Analysis of Meiotic Recombination in the Human Pseudoautosomal Regions
2012-06-13T10:56:45Z (GMT) by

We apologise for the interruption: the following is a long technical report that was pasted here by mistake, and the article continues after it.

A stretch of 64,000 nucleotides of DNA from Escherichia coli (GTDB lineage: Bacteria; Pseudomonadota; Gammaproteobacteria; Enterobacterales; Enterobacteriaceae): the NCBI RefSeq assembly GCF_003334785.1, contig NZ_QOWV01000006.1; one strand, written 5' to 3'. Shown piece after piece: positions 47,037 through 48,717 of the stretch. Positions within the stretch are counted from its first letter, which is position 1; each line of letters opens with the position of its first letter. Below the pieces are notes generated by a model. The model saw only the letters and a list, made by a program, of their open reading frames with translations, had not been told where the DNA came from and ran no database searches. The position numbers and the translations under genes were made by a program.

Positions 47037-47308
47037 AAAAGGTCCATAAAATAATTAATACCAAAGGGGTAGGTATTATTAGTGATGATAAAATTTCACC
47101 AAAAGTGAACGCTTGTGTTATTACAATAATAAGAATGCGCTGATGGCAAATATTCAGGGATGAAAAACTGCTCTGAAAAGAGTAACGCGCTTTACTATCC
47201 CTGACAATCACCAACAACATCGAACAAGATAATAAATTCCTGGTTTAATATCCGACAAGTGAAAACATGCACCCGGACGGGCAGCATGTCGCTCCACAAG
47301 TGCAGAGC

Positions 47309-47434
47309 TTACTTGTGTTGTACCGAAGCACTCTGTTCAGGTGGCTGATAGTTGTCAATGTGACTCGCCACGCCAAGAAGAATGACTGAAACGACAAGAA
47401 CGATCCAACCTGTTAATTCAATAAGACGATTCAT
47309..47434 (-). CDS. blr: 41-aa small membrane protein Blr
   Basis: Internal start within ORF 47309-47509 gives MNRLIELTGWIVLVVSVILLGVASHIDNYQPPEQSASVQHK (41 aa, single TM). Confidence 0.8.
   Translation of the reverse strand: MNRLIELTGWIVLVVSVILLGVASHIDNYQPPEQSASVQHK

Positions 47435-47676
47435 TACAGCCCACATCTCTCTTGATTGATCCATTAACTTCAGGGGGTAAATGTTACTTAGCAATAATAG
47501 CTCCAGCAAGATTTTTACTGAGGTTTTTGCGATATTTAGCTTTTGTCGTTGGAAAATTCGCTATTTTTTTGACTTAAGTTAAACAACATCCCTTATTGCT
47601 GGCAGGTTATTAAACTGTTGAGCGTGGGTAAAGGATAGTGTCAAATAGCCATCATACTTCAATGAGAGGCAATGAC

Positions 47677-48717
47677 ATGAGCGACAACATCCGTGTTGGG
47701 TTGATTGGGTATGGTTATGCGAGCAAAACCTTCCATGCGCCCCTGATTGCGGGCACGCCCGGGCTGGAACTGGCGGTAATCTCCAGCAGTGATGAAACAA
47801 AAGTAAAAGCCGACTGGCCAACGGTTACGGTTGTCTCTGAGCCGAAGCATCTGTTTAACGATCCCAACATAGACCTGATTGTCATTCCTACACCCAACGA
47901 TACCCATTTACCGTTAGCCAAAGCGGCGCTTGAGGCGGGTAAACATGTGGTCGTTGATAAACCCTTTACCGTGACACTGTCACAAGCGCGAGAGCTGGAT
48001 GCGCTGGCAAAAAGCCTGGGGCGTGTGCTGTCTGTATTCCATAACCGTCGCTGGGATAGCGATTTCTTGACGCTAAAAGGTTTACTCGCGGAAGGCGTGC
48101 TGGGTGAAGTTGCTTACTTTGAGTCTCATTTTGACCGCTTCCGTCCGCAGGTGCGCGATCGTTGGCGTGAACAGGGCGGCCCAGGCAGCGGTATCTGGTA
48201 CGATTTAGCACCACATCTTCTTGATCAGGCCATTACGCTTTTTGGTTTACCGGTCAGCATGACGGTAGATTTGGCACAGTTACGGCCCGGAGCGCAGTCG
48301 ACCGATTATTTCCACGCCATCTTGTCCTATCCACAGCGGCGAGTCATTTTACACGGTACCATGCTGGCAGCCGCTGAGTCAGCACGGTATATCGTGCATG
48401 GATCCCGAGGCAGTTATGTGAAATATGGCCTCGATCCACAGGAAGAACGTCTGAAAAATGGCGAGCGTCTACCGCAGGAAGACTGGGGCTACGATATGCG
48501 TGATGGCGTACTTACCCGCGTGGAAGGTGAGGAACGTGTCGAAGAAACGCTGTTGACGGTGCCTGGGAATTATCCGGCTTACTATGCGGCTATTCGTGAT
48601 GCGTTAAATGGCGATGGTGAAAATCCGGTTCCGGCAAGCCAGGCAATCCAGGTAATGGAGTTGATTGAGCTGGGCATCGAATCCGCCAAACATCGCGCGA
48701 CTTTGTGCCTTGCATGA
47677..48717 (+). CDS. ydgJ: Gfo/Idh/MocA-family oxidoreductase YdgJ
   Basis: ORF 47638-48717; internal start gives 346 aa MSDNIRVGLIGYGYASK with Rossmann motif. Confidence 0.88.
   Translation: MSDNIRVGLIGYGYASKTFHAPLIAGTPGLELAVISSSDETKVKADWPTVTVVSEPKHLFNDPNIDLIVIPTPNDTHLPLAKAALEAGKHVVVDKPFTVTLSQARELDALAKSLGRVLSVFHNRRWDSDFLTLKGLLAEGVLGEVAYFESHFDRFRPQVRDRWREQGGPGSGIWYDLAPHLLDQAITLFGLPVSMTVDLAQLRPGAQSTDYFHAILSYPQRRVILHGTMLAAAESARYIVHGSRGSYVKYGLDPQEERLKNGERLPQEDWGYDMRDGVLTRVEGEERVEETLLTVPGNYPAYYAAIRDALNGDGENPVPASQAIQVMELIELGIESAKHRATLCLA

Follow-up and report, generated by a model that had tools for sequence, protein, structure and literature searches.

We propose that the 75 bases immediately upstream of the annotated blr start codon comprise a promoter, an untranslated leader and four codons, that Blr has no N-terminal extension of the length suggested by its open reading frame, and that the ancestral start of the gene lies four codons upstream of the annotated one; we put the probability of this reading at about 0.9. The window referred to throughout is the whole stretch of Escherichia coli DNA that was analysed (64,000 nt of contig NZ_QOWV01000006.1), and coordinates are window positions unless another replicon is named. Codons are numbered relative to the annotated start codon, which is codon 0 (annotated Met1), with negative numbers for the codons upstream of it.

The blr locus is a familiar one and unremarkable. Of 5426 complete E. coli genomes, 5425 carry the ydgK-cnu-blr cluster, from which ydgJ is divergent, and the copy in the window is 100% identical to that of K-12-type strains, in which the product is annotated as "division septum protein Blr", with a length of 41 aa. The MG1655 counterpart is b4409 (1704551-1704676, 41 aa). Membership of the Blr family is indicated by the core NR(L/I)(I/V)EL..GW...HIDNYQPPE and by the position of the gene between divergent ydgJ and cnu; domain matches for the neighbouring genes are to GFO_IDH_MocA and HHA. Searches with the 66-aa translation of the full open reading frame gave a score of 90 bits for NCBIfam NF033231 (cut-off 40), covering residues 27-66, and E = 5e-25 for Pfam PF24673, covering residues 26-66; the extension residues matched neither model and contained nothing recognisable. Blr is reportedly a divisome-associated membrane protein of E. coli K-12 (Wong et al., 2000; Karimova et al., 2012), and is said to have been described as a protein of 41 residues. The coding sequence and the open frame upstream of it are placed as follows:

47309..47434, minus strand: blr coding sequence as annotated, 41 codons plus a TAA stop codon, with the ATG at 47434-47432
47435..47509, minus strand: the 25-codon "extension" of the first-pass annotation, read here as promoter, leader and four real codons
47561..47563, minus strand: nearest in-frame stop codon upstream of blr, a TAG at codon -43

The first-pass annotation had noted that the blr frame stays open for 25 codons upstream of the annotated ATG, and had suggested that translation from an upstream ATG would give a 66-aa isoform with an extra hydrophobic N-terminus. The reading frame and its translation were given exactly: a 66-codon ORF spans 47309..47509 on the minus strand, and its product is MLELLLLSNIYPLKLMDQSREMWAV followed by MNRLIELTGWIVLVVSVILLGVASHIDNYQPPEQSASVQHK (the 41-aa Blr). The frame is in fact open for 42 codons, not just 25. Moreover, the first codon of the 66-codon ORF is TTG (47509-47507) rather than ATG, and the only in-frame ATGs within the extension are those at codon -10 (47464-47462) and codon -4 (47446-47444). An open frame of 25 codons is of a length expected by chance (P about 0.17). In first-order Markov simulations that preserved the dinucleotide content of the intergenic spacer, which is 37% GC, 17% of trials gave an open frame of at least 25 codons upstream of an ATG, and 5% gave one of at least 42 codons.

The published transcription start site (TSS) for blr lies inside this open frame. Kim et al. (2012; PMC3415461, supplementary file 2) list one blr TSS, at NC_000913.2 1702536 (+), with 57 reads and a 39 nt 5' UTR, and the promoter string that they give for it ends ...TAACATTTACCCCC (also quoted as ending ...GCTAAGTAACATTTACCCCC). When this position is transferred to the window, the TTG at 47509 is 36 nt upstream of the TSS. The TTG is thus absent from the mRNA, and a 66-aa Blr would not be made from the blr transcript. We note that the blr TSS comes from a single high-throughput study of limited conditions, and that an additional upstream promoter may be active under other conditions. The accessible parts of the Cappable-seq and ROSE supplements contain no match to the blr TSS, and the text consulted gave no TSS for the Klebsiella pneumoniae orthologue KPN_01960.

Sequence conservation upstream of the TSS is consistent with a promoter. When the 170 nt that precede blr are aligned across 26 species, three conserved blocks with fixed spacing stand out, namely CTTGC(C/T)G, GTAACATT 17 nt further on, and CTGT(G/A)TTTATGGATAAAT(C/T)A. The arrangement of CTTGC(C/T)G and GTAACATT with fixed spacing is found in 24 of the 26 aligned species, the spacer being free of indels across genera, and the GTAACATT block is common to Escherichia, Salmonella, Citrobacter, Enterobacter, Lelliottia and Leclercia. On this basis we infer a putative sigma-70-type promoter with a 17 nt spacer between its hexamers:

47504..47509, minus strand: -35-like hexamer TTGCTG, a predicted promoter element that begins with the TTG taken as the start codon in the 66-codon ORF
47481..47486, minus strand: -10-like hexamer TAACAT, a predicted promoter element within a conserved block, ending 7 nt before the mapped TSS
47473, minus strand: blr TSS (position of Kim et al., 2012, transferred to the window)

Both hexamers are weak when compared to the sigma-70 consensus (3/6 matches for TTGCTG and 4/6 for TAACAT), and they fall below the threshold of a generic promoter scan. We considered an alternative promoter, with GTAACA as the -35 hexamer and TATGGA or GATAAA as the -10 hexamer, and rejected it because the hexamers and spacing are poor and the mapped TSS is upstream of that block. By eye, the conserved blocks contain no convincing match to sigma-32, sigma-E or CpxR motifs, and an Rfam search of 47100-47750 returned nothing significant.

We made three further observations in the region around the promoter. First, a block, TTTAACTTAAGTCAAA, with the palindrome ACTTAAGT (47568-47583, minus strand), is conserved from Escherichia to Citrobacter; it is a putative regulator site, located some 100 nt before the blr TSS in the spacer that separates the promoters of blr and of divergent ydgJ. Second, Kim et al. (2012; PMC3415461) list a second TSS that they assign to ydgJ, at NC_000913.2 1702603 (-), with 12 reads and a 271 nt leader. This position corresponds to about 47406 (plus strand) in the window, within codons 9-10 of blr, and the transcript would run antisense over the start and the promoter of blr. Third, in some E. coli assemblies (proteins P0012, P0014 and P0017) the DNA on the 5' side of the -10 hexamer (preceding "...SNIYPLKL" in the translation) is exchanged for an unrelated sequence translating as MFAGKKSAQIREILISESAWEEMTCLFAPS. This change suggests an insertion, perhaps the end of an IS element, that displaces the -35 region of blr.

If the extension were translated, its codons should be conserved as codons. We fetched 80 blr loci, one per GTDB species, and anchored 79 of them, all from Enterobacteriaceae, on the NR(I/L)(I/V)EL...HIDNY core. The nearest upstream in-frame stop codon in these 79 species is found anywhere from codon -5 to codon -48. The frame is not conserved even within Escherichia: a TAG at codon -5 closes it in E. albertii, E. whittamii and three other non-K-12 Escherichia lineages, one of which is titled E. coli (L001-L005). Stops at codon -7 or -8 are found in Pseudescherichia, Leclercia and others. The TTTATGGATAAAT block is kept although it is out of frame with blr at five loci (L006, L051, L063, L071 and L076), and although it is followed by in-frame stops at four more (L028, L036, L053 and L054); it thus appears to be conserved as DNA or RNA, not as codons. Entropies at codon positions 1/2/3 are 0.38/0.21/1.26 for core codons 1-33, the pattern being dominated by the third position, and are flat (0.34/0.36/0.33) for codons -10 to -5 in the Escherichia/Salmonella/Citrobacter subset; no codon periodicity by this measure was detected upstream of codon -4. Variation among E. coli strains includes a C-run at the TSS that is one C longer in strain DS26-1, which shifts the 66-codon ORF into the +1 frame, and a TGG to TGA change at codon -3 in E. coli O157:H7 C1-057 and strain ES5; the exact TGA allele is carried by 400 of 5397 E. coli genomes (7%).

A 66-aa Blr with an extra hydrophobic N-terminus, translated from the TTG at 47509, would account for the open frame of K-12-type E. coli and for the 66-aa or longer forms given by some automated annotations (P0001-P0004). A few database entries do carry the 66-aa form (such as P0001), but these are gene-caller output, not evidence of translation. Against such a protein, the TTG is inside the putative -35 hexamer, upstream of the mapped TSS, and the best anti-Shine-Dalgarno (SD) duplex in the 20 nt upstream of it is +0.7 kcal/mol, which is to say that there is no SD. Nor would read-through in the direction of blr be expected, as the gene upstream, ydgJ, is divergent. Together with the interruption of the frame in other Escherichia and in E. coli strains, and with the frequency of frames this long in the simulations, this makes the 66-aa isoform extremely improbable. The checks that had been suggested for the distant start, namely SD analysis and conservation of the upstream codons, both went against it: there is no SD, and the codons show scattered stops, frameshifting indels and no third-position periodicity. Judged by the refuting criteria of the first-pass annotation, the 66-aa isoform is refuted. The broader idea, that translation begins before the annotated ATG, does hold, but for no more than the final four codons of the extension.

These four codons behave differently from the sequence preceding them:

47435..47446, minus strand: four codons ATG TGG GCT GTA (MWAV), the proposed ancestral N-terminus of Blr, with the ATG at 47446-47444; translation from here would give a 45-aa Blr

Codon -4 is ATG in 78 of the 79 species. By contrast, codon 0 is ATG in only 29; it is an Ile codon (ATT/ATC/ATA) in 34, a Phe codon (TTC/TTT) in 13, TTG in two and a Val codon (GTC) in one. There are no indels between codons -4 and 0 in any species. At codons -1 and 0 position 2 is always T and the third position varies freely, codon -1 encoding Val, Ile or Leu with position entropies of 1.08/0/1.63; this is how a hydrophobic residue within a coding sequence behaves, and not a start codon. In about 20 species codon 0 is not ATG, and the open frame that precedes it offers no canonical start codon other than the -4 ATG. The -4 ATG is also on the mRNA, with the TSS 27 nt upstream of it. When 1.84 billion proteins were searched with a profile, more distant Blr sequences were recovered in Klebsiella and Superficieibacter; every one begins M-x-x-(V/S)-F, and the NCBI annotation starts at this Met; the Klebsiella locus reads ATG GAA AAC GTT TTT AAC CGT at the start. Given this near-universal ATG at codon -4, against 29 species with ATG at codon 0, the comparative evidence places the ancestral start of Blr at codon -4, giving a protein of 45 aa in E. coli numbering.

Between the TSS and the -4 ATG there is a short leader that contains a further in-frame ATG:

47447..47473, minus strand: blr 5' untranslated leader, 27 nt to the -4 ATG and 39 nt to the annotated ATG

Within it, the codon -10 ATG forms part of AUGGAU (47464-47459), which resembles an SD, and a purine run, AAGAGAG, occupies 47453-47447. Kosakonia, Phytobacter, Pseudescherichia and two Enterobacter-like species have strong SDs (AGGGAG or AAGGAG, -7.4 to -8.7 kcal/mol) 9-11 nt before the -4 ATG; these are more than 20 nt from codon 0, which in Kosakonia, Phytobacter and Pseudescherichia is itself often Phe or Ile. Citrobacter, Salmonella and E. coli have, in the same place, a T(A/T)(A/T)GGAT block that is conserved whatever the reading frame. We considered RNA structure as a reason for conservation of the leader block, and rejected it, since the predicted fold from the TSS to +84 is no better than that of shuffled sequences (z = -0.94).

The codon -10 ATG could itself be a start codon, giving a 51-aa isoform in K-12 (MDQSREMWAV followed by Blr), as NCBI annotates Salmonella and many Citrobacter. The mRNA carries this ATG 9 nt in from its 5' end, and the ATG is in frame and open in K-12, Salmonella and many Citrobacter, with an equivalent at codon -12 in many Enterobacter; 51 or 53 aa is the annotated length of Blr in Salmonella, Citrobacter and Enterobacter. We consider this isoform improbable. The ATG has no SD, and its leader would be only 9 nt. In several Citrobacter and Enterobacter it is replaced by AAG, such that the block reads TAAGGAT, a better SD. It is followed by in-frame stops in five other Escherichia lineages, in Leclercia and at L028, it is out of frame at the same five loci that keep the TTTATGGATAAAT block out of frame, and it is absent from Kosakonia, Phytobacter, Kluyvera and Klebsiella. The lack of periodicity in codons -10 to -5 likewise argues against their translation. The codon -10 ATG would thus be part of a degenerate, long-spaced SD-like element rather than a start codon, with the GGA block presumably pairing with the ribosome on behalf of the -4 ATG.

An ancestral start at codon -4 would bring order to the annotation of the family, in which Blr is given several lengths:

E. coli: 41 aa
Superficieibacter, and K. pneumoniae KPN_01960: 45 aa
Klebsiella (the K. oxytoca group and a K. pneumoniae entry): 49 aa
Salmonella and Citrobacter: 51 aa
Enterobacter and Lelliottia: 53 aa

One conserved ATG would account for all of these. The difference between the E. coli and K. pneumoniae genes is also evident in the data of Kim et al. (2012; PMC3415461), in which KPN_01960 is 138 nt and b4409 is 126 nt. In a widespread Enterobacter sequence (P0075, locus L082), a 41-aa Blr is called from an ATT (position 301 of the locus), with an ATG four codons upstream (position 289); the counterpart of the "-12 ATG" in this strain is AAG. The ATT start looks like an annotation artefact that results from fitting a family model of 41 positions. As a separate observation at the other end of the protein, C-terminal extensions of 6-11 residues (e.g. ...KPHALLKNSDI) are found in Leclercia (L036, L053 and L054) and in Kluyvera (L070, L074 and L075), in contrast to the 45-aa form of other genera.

Meiotic recombination in humans is essential for the faithful segregation of chromosomes during meiosis and is key in generating genetic diversity. Inferring past events from contemporary SNP haplotypes and studying de novo events in sperm DNA has shown that recombination occurs within 1-2 kb wide ‘hot spots’ in the human genome. In terms of male recombination, the pseudoautosomal regions (PARs) are especially interesting. PAR1 undergoes obligatory crossover in male meiosis and therefore constitutes a male-specific recombination ‘hot’ domain (rate approximately 20-fold above the genome average). It is thus ideally suited to sperm DNA studies. PAR2 is not essential in male meiosis, but nonetheless recombines at a rate >6-times the genome average. Despite this, relatively little is known about the fine-scale distribution of recombination in either pseudoautosomal region. To address this, linkage disequilibrium analysis and high-resolution sperm typing was used in this work, in order to identify and characterise a collection of PAR hot spots. This survey led to the identification of five active PAR hot spots, thereby providing relatively easy access to crossovers and noncrossovers. A second hot spot was identified in the SHOX region, providing information on hot spot spacing in PAR1 and facilitating important comparisons with autosomes. The first PAR1 double hot spot, a potential resource for investigating crossover interference, was also identified. Data from the two PAR2 hot spots (SPRY3 and PAR2A) provided direct evidence of hot spot activation by trans-acting PRDM9, with different protein variants activating either hot spot. The strongest meiotic drive observed at any human hot spot was also identified at SPRY3, providing insights into likely mechanisms of hot spot evolution. Finally, an extensive survey at SPRY3 provided unprecedented insights into the relative frequencies of crossovers and noncrossovers at hot spots and highlighted the presence of a second pathway of noncrossover-formation in humans.